• Telegraphs (scanning) eventually adapted to send photographs with a light-sensitive sensor scan for light and dark parts of a picture. The white area would be a dot and a dark area would be dash.
  • Computer scanners, digital cameras, camcorders works with images and uses a similar system of breaking a picture into “bits” (binary digits) of black and white to encode media for transmission on networks and for further processing by software

Telegraphs as Storage and Pricing Pioneers

  • The torrent of telegraph messages meant that the system could become overwhelmed and messages lost
  • Telegraph operators worked out a system of “punching” - using a small device to create holes in a paper tape to represent the code and then running those tapes through another machine that read those holes and generated Morse code. This allowed the company to send the telegram later, when the system was less busy. Massages received en masse and distributed to home and businesses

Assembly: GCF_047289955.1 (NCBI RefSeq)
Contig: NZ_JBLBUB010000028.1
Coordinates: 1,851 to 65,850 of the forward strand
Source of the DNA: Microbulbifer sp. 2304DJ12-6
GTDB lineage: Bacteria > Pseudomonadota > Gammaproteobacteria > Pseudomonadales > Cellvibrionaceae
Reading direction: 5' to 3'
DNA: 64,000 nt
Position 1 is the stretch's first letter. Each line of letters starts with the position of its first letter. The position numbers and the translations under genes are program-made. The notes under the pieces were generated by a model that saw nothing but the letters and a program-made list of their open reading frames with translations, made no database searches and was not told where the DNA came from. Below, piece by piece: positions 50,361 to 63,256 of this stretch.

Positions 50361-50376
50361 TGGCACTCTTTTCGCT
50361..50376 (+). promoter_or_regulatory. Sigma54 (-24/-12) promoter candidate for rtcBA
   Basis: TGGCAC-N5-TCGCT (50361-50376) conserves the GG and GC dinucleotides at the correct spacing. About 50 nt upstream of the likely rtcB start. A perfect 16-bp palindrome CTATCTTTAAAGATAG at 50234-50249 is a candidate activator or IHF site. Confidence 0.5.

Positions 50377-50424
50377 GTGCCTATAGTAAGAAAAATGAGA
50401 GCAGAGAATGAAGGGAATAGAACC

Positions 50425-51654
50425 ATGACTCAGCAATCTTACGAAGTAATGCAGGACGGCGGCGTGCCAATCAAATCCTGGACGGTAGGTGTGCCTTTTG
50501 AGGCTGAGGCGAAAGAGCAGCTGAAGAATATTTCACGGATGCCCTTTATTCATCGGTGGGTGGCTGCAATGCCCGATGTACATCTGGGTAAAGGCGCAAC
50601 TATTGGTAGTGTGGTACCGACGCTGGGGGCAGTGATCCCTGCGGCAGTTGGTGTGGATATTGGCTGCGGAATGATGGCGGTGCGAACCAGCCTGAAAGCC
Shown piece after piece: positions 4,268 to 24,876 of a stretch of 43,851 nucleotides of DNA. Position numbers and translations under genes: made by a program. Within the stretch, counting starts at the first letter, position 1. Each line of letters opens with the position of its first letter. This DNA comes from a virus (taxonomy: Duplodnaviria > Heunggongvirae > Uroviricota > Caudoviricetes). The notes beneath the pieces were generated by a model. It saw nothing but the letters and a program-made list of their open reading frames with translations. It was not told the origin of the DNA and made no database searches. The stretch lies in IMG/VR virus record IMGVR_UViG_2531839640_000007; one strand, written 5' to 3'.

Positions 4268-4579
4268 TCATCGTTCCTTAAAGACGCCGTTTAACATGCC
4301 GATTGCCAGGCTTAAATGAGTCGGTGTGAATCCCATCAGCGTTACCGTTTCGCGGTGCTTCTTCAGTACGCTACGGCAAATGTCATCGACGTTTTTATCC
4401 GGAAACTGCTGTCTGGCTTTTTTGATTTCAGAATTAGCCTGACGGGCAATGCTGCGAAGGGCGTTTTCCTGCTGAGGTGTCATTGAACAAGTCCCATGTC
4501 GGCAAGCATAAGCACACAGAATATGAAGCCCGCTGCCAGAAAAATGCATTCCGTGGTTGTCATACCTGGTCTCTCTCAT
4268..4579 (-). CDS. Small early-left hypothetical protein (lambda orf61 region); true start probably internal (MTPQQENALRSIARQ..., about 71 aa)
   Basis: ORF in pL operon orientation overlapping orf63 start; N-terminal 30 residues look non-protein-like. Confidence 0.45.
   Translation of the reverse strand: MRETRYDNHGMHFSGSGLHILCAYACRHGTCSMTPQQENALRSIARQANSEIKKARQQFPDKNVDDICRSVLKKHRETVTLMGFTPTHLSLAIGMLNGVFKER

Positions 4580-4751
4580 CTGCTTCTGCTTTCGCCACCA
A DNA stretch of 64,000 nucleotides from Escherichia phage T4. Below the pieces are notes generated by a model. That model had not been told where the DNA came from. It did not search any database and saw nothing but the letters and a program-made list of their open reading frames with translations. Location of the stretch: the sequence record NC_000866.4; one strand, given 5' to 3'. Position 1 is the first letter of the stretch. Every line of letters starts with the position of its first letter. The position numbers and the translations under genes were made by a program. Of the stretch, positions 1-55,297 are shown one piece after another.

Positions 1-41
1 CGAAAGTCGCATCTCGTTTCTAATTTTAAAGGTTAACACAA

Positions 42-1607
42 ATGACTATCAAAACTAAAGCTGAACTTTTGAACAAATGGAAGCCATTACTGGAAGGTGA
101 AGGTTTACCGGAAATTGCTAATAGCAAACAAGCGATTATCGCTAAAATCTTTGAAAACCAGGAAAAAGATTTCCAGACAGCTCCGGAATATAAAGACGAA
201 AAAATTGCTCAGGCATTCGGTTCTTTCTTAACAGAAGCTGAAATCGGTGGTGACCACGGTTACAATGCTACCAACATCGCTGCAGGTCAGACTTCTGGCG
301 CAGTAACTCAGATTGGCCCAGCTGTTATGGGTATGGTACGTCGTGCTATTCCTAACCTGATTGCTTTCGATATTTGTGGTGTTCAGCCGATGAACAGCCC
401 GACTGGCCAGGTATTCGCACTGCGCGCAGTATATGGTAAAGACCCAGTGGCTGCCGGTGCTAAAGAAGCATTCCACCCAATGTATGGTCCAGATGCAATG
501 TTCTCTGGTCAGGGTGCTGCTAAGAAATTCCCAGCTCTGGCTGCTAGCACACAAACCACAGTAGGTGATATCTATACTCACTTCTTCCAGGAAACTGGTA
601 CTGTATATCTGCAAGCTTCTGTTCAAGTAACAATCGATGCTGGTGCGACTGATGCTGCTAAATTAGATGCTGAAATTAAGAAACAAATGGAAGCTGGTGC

• This balanced the load on the system and increase overall capacity
  • Given the ability to store and forward messages, they were able to offer pricing options based on how quickly a message needed to be delivered

Telegraphs as Network Pioneers

  • The Western Union brought all the telegraph companies and illustrated the value of networks, now known as Metcalfe’s Law
  • Metcalfe’s “law” is more of an observation, describing the increasing value of a network according to the number of connections it has “the value of a network increases at the square of the number of connections”
  • If there are two networks, both with 50 nodes and thus 50 or 2450 connections each, if they were joined then there would suddenly be 9900 possible connections, simply by putting a link between the two networks
  • One link almost quadruples the value of two networks
  • Some people end up getting a telephone, or signing up for e-mail because
  • The value of the network grows enormously as more and more people join